Girl Scouts Gold Award Project in Papillion: "A complete act of love putting this museum together"

Katie Finken, 17, organized a team of family and friends. Together, they spent a year-and-a-half working on the Marie Museum and TLC Welcome Center at Camp Maha.
Posted at 3:51 PM, Jun 19, 2024

PAPILLION, Neb. (KMTV) — In pursuit of her Gold Award Project, Girl Scout Ambassador Katie Finken, 17, assembled a team to preserve and organize memorabilia, and renovate the Marie Museum. The endeavor took a year-and-a-half. The museum reopens Saturday.

  • Guests are greeted through the TLC Welcome Center, in memory of Tyler Lin Cherrington.
  • As historical pieces go, Katie is most excited to share the signature of Juliette Low, the founder of Girl Scouts.
  • The museum reopens June 22, 1pm - 4pm, at Camp Maha in Papillion.

Continue reading for the expanded story, as it aired.
The crown jewel of this museum is one of the smallest pieces in it.

"We have an actual original signature from Juliette Low, our founder," Katie Finken, a Girl Scouts ambassador, beamed.

The cases weren't always here. A lof this didn't exist. Though, by name, it was a museum.

"It didn't feel like a museum. It also didn't feel like welcome center. It just kind of felt like a room with a bunch of Girl Scout stuff in it," Katie remembered.

A year-and-a-half-ago, the Millard South senior set out to make this her Gold Award Project: the highest award in Girl Scouting.

"I cannot put into words how proud I am of her," Erin Finken, Katie's mom and a Girl Scouts volunteer, said.

"Everything was her telling us what went where, what she wanted, how she wanted it. The audio tour was her idea, the sculpture was her idea. All of it," she continued.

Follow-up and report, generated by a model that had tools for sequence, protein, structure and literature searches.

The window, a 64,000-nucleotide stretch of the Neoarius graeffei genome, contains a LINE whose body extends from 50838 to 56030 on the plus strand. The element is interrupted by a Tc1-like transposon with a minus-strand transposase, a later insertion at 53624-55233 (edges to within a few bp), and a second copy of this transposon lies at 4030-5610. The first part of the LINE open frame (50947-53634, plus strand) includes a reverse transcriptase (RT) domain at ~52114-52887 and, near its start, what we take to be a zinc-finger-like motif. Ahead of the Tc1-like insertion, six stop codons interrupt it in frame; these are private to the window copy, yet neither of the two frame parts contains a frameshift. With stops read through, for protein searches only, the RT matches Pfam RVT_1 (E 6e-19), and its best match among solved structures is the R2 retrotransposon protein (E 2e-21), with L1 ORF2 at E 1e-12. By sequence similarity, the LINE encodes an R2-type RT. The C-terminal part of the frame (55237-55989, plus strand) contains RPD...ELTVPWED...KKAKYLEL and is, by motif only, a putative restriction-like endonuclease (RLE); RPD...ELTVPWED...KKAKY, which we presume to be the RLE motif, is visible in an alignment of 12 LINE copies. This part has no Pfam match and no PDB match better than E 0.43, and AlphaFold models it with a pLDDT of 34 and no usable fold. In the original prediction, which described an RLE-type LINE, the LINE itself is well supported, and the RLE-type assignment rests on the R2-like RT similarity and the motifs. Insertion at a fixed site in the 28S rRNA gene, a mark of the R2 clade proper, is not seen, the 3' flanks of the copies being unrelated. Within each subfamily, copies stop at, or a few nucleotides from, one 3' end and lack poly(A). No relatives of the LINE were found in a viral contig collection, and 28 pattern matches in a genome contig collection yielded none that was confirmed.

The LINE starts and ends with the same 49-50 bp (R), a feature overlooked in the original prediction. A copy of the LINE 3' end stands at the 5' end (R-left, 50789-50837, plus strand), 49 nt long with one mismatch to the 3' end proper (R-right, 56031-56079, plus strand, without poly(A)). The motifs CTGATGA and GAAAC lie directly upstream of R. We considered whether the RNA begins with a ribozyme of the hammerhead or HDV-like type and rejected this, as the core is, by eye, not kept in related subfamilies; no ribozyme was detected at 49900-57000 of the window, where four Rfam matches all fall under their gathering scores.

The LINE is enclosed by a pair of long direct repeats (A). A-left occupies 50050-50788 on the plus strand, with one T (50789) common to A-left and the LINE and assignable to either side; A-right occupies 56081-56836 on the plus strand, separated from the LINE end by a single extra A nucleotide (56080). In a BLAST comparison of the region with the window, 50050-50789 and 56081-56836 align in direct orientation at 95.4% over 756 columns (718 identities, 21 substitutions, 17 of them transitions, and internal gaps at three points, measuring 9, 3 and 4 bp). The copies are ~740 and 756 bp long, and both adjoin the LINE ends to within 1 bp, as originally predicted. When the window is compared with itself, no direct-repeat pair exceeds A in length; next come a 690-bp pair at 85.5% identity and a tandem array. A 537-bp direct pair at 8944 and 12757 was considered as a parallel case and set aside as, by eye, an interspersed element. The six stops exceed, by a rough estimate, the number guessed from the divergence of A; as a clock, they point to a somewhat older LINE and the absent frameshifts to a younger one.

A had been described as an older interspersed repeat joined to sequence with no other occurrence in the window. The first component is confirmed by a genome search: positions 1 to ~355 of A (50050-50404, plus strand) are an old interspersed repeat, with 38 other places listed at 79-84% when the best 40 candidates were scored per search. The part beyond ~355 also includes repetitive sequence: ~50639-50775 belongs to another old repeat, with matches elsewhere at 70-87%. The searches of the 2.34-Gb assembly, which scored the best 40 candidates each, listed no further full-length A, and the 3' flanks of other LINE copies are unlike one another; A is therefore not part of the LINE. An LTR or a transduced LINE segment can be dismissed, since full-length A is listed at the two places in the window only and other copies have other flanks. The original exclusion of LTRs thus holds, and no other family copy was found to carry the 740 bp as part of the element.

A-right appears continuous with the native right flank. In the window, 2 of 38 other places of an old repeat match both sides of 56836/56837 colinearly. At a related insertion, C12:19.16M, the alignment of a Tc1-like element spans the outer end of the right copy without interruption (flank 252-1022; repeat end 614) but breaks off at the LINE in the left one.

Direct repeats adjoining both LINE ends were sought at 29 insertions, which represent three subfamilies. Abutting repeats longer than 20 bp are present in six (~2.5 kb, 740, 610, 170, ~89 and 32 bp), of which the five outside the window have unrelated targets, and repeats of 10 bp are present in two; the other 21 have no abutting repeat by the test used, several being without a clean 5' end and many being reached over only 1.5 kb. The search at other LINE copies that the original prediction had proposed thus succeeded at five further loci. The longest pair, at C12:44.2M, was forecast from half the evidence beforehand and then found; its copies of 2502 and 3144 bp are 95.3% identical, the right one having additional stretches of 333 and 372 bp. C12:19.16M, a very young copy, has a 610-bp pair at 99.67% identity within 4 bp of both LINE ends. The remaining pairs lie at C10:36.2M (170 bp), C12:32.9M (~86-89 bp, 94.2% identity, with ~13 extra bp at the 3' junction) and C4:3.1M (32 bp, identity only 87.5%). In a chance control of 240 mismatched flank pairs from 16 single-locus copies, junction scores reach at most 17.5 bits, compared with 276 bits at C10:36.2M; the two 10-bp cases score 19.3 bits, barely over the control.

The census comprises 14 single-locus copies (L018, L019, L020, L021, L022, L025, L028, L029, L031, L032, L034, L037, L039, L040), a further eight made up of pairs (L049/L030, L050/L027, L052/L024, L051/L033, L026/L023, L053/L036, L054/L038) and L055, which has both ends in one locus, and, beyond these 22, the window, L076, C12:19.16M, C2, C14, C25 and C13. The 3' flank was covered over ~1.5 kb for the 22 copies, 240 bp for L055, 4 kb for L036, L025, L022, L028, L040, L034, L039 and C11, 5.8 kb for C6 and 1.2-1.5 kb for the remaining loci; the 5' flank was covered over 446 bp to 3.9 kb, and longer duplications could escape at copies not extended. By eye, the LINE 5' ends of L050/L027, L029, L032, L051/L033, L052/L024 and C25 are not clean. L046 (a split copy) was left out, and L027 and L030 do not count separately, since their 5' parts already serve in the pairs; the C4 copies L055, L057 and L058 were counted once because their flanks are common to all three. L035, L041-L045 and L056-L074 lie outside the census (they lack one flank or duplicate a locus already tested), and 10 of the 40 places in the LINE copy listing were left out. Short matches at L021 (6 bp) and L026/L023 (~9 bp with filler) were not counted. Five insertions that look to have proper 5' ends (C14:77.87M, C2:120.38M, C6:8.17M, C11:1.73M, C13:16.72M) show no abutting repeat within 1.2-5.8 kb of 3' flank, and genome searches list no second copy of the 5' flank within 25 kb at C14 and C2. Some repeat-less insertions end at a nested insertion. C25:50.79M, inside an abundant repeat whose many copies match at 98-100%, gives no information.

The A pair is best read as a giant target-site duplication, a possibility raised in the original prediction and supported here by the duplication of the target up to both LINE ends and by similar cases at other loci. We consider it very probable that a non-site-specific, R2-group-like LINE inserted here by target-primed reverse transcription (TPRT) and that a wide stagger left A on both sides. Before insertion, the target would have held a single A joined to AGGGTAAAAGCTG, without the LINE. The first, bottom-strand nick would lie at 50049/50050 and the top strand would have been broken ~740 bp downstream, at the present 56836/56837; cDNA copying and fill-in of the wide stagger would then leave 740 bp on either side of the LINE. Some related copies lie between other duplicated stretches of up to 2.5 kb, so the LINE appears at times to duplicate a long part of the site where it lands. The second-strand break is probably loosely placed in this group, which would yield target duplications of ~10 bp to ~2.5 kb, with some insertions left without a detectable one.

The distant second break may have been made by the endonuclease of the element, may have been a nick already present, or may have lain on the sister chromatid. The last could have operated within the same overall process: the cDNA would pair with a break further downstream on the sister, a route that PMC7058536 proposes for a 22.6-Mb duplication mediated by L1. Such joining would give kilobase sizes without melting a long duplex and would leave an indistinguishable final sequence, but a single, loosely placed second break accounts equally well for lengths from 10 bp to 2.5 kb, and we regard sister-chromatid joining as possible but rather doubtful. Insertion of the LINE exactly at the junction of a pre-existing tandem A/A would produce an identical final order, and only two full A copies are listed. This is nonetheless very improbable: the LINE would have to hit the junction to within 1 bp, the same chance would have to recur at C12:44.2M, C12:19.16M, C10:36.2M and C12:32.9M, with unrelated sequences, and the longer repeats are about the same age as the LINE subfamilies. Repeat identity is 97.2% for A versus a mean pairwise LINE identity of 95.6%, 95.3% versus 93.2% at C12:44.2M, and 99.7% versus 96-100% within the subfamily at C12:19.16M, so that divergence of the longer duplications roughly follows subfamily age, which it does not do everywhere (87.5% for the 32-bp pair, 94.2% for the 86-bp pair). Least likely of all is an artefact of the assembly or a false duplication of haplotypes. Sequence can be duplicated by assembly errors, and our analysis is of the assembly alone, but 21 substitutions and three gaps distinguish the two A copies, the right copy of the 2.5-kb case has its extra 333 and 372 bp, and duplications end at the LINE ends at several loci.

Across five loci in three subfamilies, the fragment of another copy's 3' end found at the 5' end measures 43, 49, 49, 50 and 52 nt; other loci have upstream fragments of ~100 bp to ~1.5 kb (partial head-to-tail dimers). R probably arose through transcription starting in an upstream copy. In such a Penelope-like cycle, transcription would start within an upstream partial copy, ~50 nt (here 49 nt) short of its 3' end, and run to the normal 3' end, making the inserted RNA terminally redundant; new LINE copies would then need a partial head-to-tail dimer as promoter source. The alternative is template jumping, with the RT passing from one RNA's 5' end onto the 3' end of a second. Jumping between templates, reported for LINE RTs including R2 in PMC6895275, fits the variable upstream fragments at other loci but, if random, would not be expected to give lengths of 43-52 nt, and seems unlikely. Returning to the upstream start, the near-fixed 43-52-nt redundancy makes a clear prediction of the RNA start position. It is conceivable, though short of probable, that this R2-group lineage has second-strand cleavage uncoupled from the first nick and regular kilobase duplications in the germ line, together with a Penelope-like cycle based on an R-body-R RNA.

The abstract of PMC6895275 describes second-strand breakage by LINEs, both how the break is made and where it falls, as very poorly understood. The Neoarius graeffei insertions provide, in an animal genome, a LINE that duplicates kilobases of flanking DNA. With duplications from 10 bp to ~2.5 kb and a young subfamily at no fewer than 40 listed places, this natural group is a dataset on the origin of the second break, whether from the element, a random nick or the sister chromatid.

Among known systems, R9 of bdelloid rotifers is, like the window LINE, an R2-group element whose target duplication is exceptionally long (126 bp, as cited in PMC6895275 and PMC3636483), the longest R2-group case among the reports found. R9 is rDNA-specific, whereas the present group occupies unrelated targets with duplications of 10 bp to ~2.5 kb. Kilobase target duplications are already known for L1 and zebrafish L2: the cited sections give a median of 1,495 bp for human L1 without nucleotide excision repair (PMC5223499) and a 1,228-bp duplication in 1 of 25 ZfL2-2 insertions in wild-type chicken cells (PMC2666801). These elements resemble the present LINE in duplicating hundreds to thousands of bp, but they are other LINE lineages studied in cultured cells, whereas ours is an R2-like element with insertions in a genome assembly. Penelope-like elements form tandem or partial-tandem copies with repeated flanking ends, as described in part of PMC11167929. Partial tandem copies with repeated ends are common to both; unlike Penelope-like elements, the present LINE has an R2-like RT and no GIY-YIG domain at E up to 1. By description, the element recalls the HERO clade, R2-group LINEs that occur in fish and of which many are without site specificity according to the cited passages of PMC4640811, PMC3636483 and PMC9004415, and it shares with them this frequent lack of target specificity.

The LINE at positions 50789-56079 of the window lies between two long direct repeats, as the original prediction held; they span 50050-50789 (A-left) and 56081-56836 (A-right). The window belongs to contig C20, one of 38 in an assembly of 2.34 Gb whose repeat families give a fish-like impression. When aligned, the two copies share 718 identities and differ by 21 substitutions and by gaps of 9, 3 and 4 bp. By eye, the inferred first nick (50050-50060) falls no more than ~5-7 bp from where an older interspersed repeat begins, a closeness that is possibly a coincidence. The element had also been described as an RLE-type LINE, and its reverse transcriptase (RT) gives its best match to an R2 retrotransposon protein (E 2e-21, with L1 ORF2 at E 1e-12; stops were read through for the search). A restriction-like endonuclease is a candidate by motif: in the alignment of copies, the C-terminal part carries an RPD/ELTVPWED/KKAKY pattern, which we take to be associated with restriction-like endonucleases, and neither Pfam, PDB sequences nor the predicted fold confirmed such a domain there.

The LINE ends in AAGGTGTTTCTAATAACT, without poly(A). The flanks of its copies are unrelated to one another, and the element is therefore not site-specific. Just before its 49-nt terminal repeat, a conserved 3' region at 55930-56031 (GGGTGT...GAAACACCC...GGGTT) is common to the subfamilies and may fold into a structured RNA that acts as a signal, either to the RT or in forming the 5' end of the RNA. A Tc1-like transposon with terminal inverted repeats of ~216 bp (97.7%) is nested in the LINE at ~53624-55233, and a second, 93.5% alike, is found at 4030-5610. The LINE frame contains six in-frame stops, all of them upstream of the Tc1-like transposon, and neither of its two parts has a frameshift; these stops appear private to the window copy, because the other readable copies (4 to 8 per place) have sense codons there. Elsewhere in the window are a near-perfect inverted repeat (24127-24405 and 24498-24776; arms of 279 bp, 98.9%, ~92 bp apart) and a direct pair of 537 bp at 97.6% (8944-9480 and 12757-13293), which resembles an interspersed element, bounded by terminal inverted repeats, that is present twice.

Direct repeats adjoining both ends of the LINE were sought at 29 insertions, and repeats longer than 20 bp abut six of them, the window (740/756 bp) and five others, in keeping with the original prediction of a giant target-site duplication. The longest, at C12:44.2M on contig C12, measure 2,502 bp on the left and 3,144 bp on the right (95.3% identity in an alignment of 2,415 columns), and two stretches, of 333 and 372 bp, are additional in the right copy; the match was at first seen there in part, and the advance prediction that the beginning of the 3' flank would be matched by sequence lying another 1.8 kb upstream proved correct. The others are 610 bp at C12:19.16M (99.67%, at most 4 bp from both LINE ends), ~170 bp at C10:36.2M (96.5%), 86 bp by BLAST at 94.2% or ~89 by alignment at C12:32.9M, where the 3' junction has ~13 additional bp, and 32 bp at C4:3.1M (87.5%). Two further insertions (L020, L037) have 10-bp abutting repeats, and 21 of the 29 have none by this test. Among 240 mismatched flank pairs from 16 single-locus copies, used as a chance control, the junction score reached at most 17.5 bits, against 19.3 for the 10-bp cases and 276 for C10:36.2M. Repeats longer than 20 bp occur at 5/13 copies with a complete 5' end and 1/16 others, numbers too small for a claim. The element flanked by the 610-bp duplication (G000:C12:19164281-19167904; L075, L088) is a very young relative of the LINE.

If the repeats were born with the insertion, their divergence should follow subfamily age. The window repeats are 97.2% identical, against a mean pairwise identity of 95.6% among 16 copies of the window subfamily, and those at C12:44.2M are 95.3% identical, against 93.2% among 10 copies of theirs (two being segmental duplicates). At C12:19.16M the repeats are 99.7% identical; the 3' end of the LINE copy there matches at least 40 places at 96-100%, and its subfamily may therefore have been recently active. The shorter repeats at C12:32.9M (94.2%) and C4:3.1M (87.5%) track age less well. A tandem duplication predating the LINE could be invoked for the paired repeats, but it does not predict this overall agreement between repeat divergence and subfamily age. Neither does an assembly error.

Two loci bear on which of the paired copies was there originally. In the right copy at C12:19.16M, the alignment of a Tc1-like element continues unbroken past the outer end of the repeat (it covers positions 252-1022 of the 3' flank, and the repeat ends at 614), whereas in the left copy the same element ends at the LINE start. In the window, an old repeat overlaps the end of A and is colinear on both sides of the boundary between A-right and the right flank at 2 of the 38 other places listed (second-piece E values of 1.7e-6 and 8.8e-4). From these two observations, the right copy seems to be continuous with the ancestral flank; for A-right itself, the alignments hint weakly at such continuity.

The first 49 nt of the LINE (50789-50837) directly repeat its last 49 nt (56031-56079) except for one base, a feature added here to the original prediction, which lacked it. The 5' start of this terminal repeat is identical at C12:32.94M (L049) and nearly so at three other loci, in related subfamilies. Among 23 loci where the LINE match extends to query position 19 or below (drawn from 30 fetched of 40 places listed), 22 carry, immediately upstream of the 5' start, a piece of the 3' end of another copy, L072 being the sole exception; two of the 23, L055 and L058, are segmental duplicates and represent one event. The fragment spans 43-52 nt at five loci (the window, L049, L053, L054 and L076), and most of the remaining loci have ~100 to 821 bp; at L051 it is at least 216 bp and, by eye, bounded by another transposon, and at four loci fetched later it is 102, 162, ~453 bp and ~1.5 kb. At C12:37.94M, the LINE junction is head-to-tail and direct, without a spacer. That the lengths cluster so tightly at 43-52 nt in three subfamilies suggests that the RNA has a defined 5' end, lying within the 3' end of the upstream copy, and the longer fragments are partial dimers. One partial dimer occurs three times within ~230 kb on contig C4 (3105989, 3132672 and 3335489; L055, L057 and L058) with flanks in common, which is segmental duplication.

Renovating decades-old buildings brings unique challenges. With the museum, Katie said it was the ceiling.

"You hold a level to it and it's all over the place. It's rough," she laughed.

Her hands touched every part of this project.

"She learned how to drywall, and she learned how to fit cabinets to the wall and a lot of woodworking," Erin explained.

Katie's dad and grandfather taught her those skills. Erin was the foreman. Katie's team consisted of 18 people, who together, invested 1,500 hours.

Such care.

Starting with the first thing guests see. It isn't that prized Juliette Low signature.

"The mural and the sloth. It's what it needed without knowing what it needed," Dave Cherrington said. "It had nice sparkles there before, and a nice plaque and it looked good. I just had no idea how much better this was gonna look."

The TLC Welcome Center is named for Tyler Lin Cherrington. She loved being a Girl Scout.

Dave's daughter was lost in a car crash in 2017.

"I don't want to say 'perfect' because everyone says 'the perfect kid.' But, she was better than both my wife and I. As we said... two wrongs made a right. She was really a good person. She was a caring person. And it is nice to see her legacy living on in some way," he shared.

Tyler spent many summers at Camp Maha, including as a counselor. She'd dress up like Rapunzel to the girls' delight. The colors and lanterns in the mural are a nod to that. The sculptural sloth represents Tyler's favorite animal.

"It was just a complete act of love putting this museum together," Katie explained.

The families share in wanting this to be a place for the entire Council, to honor the past and feel hopeful about the future.

The reopening is Saturday, June 22, from 1pm to 4pm at Camp Maha, 17114 S 63rd Street, Papillion. Virtual tours are also available. Learn more here.

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